Today, Hannah and I swim past our comfort zone into the deep end and drive 18 miles south from Carpinteria to the pickleball courts of Ventura to a place where we do not know a soul.  There, Leonard, the pickleball ambassador, greets us.  Ambassadors our usually genial, welcoming, and supportive, and Leonard is certainly all that.  Then, John steps up, introduces himself, and gets us into a game.

BA 1 PB group shot

Ventura Pickleballers

Throughout the morning, I pickle on the outdoor courts at De Anza Middle School with the guys, among them Bruce, Leonard, Jessie, Rodrigo, Jim, and Mark while Hannah slices and dices with some excellent women players.

Chinese image of loungers

Ready for action at Bamboo Creek Spa

As the morning of play wraps up, Mark says, some of us go to Ojai for lunch and then get a Chinese foot message.  Would you two like to join us?

That would be a quick Yes.

Jump forward to our final outdoor pickleball Saturday during our California month of February away from home.  As exclusively indoor pickleball players back in Maine, we learn of the challenges of playing in the open air.  Rain in the drought-stricken Central Coast is not one of the issues.  In this winter “rainy” season, we have had barely a tenth of an inch of rain the entire month.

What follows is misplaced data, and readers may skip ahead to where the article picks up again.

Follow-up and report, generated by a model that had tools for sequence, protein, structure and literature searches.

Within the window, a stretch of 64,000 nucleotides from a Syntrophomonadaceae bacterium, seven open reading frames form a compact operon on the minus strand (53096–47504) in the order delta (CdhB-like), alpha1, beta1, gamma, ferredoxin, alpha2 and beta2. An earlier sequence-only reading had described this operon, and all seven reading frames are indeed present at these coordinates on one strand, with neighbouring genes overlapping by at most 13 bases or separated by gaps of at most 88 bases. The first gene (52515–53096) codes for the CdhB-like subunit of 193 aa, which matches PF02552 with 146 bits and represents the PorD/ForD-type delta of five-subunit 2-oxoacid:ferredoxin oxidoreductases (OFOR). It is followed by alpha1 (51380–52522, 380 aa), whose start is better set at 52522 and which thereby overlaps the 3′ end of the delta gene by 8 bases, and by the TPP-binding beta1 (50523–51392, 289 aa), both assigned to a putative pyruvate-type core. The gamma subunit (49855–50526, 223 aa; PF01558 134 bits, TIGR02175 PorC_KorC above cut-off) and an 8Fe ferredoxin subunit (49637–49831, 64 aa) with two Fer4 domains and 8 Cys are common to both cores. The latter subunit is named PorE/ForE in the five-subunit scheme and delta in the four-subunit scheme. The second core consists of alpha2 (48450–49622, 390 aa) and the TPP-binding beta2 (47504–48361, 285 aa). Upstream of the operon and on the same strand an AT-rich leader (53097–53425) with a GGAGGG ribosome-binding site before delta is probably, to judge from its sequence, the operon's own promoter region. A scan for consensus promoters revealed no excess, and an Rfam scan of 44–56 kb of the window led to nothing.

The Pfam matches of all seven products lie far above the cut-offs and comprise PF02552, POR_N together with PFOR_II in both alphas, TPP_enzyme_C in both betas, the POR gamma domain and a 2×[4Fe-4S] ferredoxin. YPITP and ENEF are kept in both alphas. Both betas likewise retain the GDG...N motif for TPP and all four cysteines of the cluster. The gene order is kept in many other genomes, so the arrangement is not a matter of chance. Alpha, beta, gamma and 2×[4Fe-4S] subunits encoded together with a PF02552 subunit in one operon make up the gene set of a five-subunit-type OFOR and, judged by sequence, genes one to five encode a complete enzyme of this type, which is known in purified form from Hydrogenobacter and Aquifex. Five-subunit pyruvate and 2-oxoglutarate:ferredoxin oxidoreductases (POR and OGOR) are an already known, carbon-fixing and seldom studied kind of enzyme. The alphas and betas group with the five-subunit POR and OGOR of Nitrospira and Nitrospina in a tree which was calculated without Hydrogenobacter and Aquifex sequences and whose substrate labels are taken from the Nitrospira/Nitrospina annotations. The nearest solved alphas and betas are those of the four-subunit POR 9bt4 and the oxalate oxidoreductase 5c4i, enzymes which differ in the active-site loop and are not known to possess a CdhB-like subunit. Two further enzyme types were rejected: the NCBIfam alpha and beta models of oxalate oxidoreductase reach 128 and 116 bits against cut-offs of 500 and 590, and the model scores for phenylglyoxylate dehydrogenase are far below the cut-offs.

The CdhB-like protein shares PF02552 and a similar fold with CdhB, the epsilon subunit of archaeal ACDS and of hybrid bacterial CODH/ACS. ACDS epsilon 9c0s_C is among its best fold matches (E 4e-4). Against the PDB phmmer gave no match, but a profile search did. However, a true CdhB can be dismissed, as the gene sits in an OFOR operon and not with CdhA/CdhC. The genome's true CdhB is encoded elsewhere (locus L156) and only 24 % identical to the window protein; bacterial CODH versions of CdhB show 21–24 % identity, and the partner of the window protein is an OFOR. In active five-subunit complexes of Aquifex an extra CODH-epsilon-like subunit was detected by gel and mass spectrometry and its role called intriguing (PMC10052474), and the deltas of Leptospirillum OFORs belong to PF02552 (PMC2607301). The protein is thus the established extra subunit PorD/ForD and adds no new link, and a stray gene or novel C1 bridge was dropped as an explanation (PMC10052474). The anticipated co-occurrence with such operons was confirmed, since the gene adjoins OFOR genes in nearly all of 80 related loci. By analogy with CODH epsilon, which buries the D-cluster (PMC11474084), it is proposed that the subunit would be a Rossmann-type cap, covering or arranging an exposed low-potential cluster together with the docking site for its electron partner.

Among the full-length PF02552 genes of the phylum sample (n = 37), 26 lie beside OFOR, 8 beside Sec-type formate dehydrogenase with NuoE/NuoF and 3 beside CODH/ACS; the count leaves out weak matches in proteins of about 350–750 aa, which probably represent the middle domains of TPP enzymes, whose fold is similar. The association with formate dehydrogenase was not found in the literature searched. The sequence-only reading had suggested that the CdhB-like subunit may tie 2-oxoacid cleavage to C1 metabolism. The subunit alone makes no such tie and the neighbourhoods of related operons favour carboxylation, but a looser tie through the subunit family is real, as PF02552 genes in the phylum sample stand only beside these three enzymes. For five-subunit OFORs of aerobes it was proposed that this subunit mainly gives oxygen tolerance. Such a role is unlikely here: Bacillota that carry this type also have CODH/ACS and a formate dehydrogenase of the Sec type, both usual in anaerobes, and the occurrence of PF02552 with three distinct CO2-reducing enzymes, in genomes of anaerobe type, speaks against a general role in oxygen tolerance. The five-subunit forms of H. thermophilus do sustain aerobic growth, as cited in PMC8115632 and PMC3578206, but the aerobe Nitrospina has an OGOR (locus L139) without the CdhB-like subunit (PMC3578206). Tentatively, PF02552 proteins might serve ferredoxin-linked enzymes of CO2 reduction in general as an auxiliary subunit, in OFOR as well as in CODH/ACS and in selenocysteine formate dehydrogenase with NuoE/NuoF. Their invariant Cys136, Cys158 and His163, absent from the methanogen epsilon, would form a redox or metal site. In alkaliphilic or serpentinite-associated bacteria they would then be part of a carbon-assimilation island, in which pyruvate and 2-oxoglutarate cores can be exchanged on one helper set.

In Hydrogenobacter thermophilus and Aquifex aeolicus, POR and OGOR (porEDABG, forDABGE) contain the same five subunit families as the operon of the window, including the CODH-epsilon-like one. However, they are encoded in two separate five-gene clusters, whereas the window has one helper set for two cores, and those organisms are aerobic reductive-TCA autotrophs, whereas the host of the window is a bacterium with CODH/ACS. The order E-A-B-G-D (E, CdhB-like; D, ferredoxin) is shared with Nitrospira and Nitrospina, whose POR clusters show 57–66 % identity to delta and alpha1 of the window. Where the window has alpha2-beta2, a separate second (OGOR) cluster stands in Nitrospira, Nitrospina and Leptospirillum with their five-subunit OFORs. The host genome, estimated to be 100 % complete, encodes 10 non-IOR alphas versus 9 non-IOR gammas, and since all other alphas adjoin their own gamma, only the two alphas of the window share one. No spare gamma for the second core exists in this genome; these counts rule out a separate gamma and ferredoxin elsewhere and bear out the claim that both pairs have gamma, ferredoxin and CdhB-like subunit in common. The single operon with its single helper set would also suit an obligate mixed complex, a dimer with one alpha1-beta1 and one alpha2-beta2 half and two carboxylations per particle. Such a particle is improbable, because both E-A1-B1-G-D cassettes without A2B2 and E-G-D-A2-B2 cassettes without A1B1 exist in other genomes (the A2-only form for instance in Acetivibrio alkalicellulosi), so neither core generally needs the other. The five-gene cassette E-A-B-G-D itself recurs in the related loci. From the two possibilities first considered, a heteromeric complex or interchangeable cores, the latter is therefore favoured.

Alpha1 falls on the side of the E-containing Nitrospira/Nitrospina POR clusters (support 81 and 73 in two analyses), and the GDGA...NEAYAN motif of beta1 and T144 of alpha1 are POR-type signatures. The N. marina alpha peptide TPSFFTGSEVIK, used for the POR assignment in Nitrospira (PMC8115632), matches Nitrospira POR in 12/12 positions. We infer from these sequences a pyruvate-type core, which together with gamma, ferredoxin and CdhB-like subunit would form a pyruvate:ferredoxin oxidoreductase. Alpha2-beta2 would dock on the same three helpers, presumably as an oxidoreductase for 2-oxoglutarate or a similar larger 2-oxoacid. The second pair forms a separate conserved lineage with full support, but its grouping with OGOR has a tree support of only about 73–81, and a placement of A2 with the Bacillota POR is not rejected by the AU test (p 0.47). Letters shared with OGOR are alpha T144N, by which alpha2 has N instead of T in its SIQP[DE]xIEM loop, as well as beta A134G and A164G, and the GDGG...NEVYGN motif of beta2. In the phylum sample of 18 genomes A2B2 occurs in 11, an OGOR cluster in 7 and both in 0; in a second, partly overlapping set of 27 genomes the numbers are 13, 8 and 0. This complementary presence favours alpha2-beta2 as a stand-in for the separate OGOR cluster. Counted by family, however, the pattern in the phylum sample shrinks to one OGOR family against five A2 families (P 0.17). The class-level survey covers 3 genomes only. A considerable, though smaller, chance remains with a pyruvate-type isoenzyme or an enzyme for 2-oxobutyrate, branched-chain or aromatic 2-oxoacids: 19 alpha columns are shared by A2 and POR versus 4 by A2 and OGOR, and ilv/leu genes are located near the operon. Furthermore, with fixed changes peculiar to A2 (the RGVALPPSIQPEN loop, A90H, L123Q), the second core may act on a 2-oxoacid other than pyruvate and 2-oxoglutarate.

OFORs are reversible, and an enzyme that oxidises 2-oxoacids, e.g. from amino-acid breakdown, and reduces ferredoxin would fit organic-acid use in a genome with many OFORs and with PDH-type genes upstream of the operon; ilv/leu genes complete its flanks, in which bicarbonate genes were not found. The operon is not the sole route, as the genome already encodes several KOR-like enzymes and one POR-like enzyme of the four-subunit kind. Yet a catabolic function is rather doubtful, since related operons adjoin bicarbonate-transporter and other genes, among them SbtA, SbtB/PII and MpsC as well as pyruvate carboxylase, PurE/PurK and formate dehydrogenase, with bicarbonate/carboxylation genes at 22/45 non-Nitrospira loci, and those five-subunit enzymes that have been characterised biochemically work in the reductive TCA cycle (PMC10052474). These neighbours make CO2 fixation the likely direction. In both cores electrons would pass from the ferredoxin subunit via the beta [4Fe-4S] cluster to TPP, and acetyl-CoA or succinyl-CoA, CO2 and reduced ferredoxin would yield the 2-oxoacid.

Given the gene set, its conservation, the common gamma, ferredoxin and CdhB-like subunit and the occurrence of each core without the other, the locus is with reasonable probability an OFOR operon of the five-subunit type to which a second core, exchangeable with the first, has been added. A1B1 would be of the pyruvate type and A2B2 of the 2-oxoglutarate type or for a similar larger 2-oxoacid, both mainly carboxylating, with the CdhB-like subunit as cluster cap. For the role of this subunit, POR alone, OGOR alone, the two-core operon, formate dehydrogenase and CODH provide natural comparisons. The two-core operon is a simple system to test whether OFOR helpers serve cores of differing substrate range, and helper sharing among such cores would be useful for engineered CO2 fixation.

Chinese windy palm trees

The winds of California under blue skies

Wind and sun are another matter.  Always checking my Weather Channel app for the wind speeds, I have learned that five to ten mph is fine for outdoor play, with little effect on my game.  Above 10 mph gets tricky and 20 mph is insane.  Being in California, we have the ever-present blue skies.  On one hand that makes for excellent tans for the New Englanders; on the other, hitting lobs into the sun becomes a roll of the dice.

Today, with the wind picking up throughout the morning, games become less about skill and more about dealing with the elements.  Players with the wind must temper their shots while those against the wind must muster all their power to get the pickleball (like a wiffle ball) over the net.  The comradery and sunshine trump the wind, as play wraps up for another Saturday.